Wednesday, 21 July 2010

Doggedly against Dogmatism

I've just finished reading My life as a traitor by Zarah Ghahramani. Its a harrowing tale by an Iranian woman of how she was held and tortured in a notorious prison in Tehran for speaking out against the regime. There is much I could write about from this book, but I'll concentrate on one observation: her disdain for religious mullahs was fueled by their uncompromising dogmatism.

The interesting thing is that while she cites the mullahs as a prime example (and illustrates this with some of their bizarre pronouncements made in her lifetime), she postulates that any religious leader can fall into the same trap be they Muslim, Buddhist, or Christian. Its the dogmatism thats the problem, not the religious badge being carried.

Zarah is clearly a spiritual woman. Her mother was in fact Zoroastrian, her father Muslim, and her writing demonstrates a spiritual side to her, embracing aspects of both faiths and a basic belief in some kind of God. Coupled with that she has a zest for life (which incidentally was trashed by her prison experience). What is repugnant to her is mindless rules and regulations, especially on trivial detail, that in any case often betrays the proponents as hypocrites. That kind of resonates with Jesus' skirmishes with the Pharisees doesn't it?

There is a lesson in there for Christian mission. Are we showing the Zarah's of this world just another set of dogmas, or how their zest for life can truly find fulfillment?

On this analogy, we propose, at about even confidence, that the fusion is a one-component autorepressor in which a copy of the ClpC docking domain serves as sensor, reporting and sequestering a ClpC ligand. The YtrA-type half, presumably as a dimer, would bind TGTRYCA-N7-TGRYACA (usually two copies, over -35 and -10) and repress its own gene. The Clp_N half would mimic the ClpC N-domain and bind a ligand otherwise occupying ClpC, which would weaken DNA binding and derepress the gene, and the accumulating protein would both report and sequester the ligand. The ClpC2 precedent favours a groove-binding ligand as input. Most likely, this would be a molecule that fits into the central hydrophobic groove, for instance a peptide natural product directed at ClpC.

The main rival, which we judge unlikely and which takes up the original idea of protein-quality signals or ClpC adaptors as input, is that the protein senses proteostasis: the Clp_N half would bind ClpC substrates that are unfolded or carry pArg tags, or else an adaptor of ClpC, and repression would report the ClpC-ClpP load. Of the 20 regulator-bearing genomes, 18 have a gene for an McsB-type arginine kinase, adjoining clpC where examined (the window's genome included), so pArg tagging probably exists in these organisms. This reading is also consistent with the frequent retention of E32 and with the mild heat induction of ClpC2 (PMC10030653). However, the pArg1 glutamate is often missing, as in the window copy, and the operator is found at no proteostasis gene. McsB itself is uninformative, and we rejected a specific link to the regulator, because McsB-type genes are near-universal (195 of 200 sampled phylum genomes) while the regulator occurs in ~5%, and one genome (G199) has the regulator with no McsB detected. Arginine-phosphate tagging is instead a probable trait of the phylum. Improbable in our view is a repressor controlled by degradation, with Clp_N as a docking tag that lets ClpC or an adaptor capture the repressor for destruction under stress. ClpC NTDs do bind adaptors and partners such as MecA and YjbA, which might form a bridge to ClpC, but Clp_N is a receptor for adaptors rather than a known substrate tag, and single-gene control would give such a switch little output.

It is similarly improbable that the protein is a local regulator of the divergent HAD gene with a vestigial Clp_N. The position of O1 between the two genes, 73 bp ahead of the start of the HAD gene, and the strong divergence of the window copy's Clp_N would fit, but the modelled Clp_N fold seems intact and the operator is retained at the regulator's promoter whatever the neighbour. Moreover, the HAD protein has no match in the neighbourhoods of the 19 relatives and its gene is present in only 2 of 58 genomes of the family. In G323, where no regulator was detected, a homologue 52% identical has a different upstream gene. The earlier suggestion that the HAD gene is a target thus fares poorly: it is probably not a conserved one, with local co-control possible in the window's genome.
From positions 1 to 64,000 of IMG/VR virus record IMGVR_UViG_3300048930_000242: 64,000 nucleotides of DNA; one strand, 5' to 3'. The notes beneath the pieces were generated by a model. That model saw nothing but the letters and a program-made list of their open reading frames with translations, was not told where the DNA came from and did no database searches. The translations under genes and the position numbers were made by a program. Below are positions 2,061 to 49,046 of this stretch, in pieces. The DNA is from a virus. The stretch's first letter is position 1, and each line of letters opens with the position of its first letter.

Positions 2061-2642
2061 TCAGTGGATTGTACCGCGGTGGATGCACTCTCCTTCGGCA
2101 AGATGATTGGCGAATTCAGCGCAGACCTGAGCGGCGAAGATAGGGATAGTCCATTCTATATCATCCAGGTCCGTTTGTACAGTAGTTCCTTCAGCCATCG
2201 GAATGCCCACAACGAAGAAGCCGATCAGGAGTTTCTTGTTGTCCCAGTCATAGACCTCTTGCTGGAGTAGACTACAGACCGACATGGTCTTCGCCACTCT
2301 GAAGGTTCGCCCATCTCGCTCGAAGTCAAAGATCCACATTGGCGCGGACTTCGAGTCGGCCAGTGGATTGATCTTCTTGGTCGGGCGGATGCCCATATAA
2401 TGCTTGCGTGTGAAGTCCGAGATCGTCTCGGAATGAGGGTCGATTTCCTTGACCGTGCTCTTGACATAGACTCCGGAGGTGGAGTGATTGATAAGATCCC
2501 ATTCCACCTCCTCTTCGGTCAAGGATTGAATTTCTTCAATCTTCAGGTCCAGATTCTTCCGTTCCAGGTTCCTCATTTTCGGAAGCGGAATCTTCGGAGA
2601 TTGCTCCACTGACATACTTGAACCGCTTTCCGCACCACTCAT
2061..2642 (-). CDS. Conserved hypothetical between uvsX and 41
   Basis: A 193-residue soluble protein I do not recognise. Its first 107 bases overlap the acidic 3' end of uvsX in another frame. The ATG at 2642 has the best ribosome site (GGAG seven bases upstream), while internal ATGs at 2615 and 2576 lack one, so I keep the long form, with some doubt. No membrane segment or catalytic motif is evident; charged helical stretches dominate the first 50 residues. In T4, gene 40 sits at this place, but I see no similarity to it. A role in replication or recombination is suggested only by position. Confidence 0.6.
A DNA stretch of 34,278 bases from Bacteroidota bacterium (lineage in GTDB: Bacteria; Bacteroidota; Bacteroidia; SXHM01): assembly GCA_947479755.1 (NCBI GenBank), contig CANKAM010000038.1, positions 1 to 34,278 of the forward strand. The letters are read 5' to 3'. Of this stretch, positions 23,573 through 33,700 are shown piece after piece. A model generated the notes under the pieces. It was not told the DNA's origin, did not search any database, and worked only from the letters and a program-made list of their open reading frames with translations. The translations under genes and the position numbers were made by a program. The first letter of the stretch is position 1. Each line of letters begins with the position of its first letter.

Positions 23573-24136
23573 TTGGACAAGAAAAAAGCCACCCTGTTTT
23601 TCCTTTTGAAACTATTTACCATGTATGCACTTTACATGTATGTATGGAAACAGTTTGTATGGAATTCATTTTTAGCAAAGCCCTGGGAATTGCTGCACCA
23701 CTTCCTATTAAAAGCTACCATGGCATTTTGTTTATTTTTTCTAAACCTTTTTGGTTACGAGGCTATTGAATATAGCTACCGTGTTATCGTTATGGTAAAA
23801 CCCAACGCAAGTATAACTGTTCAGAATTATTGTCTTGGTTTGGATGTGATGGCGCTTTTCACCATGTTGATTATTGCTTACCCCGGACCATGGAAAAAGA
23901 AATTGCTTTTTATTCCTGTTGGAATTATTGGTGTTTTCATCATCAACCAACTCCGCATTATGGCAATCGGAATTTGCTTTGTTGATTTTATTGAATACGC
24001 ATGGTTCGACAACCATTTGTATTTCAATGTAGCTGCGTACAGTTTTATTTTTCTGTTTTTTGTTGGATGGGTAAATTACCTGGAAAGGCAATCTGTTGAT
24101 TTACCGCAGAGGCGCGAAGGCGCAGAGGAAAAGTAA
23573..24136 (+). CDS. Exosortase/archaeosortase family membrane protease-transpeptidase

Thursday, 8 July 2010

What will be found in the end?

Recently I heard a lecture where it was suggested that an argument in favour of social action can be made from an eschatological perspective. In outline it asks "what will be found in the end?". Will it reveal that an effort was made whilst still here on earth as we know it, or will we have effectively hid our salvation in the ground?

Matt 24:36 through to 25:46 seems to weigh in here.
  • Faithful & wise servants will get on with their assigned tasks and not squander/mis-use their resources or time
  • A call for readiness, being prepared for that end-time moment
  • Proper investment action rather than static preservation
  • The caring for the needy
If we take the 'least of these' to be generally the poor rather than just Christians (some would disagree on this) then there is a progression to be seen:
  • Stick to the task throughout the waiting ...
  • because you need to be ready when the right time comes ...
  • a readiness demonstrated by what you have done ...
  • with the investment currency being work amongst the poor
So what will be found in the end? A static salvation preserved carefully in the ground, or the fruit of an ongoing investment in those in need around us, biased to the poor.